There have been many wildlife documentaries released into theatres over the last couple of years, but Island of Lemurs: Madagascar is certainly a highlight among its peers. It follows Dr. Patricia Wright, an accomplished American primatologist, anthropologist and conservationist who has been instrumental in helping to save lemurs from extinction.
The movie documents how the lemurs first arrived in Madagascar millions of years ago as castaways and how nowadays, they are an endangered special. For those who aren’t familiar with the animal, it’s a real eye-opener and will no doubt leaving you wanting to learn more. Island of Lemurs: Madagascar is also beautifully shot, showing off both the lemurs and their environments in stunning IMAX 3D.
It was a privilege to talk with David Douglas who directed Island of Lemurs: Madagascar. David is a cinematographer and director who has given us a number of great documentaries including Fires of Kuwait, Born To Be Wild, and the Rolling Stones concert film Live At The Max. The majority of his documentaries were filmed in the IMAX format, and we talked about how making movies in that format has improved over the years. We also discussed the ways of making a successful wildlife documentary, what it was like working with Dr. Patricia Wright, and the numerous risks he and the crew had to face filming in Madagascar.
Check it out below and enjoy!
Most of the movies you’ve made in your career have been in the IMAX format, which has become increasingly popular recently. Has filming in IMAX become easier or harder for you from movie to movie?
David Douglas: I think bringing interesting content to the screen has gotten easier in some ways because of the evolution of the technology. I think that it’s probably gotten a little bit easier to get financing for these projects, but that’s just because I feel like we’re lucky right now. We’re on a bit of a roll with a couple of really strong demonstrations of what kind of entertainment in relation to wildlife can do in terms of drawing in an audience. The tide goes in and the tide comes out again, and so we are trying to find subjects which people are gravitating and responding to and try to make a crossover between documentary and commercial movies.
With this documentary you had a new kind of IMAX camera to work with that is considerably lighter than the typical camera that is used. Did that make a difference in shooting this documentary?
David Douglas: Yeah, we’ve been working with IMAX for some years now to bring about a new camera that could lead us to shoot 3D in wildlife situations because there are so many beautiful wildlife subjects around the world that looks so great in 3D if you can actually capture them. The hard thing has been capturing them while we were married to the film technology because the camera was big and heavy and noisy, and the one we have developed now is none of those things.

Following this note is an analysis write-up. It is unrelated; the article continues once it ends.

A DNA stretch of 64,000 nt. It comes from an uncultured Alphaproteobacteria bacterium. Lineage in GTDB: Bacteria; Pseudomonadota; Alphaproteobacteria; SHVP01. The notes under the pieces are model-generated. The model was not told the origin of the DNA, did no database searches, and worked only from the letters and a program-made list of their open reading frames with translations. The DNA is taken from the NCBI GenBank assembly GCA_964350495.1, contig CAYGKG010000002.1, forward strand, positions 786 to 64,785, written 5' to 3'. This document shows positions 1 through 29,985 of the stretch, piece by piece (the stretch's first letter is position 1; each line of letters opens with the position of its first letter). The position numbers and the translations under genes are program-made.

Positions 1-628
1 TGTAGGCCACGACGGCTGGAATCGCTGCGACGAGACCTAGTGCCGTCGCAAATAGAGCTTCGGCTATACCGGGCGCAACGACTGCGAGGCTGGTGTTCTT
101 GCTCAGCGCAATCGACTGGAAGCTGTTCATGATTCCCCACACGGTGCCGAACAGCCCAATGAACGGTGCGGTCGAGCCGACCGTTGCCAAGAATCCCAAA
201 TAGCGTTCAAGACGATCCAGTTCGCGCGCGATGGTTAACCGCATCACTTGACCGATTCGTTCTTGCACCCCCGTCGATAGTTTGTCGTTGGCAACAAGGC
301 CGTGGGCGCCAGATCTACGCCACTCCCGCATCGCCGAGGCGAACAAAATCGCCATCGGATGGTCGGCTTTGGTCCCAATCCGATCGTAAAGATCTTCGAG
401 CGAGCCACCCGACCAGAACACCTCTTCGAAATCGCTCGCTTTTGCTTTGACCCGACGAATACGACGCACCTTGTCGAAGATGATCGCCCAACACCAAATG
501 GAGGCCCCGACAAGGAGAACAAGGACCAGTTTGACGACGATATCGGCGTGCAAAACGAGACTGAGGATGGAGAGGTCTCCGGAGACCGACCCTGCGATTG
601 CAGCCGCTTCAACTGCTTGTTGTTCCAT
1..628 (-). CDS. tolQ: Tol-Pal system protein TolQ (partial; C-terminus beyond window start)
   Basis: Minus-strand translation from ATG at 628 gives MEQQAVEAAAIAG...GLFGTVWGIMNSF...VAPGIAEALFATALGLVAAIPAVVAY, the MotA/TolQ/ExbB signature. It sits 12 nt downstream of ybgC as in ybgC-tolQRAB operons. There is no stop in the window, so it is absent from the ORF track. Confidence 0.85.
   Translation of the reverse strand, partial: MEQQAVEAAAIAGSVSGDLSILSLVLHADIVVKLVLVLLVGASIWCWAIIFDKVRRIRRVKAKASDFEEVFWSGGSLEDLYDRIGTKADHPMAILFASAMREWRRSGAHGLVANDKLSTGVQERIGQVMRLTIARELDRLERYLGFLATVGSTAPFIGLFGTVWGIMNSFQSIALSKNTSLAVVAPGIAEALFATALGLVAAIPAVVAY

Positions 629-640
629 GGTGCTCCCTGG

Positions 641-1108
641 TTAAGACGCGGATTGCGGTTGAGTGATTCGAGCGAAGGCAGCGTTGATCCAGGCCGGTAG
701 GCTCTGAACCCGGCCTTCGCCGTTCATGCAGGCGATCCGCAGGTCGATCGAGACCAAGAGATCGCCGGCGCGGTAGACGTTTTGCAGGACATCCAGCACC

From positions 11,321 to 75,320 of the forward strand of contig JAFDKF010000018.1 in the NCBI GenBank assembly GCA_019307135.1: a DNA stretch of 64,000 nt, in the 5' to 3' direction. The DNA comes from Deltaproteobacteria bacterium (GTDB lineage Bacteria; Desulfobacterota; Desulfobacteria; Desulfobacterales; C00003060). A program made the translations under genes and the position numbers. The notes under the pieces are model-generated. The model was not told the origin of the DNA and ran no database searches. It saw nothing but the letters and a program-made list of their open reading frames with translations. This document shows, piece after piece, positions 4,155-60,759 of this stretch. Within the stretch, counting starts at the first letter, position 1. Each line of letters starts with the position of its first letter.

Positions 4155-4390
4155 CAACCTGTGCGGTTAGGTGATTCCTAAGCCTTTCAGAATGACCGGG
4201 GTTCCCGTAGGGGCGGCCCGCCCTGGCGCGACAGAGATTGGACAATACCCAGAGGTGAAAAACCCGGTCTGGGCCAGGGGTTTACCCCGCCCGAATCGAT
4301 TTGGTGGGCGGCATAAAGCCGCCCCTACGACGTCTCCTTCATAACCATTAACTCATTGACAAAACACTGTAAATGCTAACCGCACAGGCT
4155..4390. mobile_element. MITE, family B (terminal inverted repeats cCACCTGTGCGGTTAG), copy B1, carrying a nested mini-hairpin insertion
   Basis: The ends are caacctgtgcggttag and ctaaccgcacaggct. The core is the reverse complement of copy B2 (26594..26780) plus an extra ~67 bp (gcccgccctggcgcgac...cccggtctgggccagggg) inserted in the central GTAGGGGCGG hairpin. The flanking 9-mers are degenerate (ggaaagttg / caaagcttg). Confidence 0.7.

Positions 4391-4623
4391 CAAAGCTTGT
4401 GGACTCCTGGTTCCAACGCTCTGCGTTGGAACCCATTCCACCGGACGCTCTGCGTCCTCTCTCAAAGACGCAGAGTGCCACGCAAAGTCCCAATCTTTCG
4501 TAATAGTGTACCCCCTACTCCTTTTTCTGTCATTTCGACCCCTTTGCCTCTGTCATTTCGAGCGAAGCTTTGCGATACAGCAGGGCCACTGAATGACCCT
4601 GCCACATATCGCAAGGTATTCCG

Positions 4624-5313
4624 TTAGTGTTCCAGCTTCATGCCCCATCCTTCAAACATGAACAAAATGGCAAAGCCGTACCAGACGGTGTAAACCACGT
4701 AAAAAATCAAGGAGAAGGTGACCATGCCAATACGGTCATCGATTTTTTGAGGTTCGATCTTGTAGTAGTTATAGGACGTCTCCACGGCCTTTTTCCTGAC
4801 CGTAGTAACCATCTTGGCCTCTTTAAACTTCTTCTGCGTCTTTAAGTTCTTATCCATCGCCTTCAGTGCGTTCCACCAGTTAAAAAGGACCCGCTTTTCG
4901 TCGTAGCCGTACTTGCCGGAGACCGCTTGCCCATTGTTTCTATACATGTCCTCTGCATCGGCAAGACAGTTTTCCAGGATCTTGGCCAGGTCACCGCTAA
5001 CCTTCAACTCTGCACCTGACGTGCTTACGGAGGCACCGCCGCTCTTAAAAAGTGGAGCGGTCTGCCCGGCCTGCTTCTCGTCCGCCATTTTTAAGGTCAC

I kept hearing that IMAX cameras very noisy. Christopher Nolan had said that he wanted to make a Batman movie entirely in IMAX but that the limitations of the technology and the sound problems kept him from accomplishing that.
David Douglas: An IMAX film camera is doing extremely heavy lifting as far as a motion picture camera goes just because the rolls of film are so big and heavy and the frames are so gigantic that it’s repositioning. It is still the highest resolution motion picture camera on the planet, but that doesn’t change the fact that it is something that scares the subject away. So the transition to digital has been a welcome one in terms of just being able to finally let the content drive the story in the film rather than trying to make a film out of what you can get with the limitations of the film camera.
I imagine the secret of making a documentary like this is filming the animals without disrupting their natural habitat. How did you and your crew managed to accomplish that, and did you have to change your ways of filming at all?
David Douglas: The team that I work with I’ve had with me for 20 to 25 years, so we all do these films because we have a great deal of respect for the animals and for the situation that we are in. We’re very careful not to disturb these animals in any way. I think in Madagascar we were lucky enough to work with Dr. Patricia Wright, whose knowledge of the lemurs themselves and the science teams that were actually doing studies with these animals in the field helped us greatly. That series of connections gave us the advantage we needed to find and work with animals that were already used to having people around them watching them. We really did wander around the country with Pat selecting specific animals that seemed to be relaxed around people.
What was it like working with Dr. Patricia Wright?
David Douglas: Well, Patricia Wright is a fantastic character who’s a perfect subject and a perfect ally in telling a story like this. She knows everything and everybody, and she has been facing many of the challenges that we needed to face. Because she’s been educating graduate students and building an enormous logistical center of ValBio, which is a big multistory scientific research base in the jungle in Madagascar. That’s an enormous undertaking and achievement to get that done. She knows a great deal about big logistics and what it takes to get these things done.